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Federal Agency Provides $150 Million For Drought Projects In California

Joe Moore
Valley Public Radio
Watershed restoration projects are a major component of the funding.

A federal agency is providing $150 million to help California deal with the on-going drought.

Most of the money, from the U.S. Agriculture Department, will be used for U.S. Forest Service and Natural Resources Conservation Service watershed restoration projects in the Sierra Nevada.

California Natural Resources Secretary John Laird says those projects will benefit the 25 million Californians that rely on Sierra supply for drinking water. And also the irrigation needs of agricultural users downstream in the Sacramento and San Joaquin Valleys.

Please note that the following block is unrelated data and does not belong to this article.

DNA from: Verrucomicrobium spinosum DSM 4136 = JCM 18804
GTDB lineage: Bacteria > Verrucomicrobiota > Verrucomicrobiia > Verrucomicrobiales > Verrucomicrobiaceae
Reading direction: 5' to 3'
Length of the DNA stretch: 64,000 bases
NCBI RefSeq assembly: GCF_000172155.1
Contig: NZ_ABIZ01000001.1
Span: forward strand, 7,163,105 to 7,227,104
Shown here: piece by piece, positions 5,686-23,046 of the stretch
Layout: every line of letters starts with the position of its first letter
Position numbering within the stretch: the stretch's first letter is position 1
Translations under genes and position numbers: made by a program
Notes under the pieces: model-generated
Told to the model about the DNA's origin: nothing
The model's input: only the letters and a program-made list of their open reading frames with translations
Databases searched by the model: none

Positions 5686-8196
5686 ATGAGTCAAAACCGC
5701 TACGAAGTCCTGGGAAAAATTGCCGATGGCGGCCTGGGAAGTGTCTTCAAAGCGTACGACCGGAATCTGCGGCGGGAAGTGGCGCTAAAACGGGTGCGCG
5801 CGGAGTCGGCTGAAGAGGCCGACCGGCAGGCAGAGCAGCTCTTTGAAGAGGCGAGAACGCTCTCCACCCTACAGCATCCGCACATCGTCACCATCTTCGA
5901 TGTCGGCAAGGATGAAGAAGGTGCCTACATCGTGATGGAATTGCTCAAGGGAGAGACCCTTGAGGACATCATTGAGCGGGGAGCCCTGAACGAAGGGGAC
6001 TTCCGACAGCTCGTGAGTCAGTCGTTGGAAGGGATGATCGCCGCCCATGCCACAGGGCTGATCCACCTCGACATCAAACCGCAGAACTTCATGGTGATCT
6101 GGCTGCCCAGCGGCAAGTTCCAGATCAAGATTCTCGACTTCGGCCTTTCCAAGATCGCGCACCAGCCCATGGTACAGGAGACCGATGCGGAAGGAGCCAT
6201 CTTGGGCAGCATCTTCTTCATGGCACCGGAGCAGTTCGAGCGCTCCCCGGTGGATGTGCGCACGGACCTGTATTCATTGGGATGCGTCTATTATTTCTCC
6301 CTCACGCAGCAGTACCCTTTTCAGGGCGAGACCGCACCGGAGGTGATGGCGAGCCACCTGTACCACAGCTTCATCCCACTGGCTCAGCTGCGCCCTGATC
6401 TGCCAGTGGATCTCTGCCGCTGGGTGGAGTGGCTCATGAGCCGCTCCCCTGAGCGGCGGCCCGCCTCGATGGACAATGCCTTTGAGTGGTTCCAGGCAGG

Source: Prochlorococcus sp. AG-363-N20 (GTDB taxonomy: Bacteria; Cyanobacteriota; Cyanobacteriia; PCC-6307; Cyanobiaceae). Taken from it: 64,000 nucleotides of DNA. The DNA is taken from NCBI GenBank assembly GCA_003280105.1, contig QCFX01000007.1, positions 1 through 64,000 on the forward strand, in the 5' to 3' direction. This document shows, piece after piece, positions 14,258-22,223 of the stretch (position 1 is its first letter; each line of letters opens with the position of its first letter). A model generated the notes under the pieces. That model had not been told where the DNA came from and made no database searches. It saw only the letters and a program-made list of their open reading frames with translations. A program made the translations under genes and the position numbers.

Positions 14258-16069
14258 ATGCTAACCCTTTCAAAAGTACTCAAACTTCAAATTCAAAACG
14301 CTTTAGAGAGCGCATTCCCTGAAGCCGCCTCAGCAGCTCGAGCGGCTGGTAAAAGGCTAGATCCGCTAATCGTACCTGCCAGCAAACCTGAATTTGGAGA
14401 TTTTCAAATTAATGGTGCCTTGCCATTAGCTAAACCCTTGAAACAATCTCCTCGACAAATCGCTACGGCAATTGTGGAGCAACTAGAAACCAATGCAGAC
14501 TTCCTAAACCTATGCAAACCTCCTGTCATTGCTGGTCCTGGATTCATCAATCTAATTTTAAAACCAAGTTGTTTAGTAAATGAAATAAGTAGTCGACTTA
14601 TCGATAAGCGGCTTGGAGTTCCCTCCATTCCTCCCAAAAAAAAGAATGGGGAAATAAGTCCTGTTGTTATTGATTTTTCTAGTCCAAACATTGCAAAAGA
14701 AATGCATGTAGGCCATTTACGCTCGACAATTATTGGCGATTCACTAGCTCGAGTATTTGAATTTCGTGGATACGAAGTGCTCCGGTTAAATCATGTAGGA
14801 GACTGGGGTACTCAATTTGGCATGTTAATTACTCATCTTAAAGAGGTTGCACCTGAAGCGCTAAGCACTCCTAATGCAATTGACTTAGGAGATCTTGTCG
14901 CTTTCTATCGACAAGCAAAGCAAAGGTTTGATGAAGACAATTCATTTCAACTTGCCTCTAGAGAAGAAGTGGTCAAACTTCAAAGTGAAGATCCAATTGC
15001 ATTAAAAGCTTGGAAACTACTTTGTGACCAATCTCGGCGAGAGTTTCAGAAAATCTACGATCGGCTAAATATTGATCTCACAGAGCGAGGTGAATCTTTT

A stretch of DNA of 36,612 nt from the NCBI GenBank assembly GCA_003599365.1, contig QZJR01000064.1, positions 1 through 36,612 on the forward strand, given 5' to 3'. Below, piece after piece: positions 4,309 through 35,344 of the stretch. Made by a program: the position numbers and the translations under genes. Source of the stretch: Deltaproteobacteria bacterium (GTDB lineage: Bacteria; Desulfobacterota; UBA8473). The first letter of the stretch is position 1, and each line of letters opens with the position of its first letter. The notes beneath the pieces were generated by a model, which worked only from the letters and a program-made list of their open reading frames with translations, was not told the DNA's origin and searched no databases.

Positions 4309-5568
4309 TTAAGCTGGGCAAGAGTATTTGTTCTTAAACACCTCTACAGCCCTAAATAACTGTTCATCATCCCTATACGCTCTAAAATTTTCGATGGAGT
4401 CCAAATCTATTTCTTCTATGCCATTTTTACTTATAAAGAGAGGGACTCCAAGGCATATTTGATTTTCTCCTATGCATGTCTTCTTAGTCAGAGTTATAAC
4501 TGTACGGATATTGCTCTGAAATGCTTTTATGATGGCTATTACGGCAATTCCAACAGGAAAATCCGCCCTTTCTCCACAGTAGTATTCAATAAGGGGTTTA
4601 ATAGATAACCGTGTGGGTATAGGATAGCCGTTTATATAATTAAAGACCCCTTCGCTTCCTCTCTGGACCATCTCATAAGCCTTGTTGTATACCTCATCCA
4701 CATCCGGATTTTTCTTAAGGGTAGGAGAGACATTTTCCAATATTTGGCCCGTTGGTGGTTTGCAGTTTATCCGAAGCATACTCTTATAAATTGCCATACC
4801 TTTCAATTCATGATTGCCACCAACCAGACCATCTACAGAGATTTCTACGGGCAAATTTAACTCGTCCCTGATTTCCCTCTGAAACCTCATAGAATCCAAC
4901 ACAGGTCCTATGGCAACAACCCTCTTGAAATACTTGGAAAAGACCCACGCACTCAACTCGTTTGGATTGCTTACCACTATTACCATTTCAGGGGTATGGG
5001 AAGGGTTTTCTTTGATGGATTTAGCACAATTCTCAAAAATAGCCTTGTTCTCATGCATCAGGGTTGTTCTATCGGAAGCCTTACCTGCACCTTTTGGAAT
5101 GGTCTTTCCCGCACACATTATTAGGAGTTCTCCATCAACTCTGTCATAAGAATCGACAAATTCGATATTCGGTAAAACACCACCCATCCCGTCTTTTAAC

Laird "We are just facing an unprecedented time, the four driest years that we have had in sequence in California history, that taxes our agricultural industry as well as the individual citizens. Stepping up with the drought assistance is just the kind of support that is very helpful, it's targeted to people that have their backs against the wall and really need it right now."

Roughly 35 percent of the Western U.S. is in severe to exceptional drought.  In California, there is no mountain snowpack runoff this summer. 

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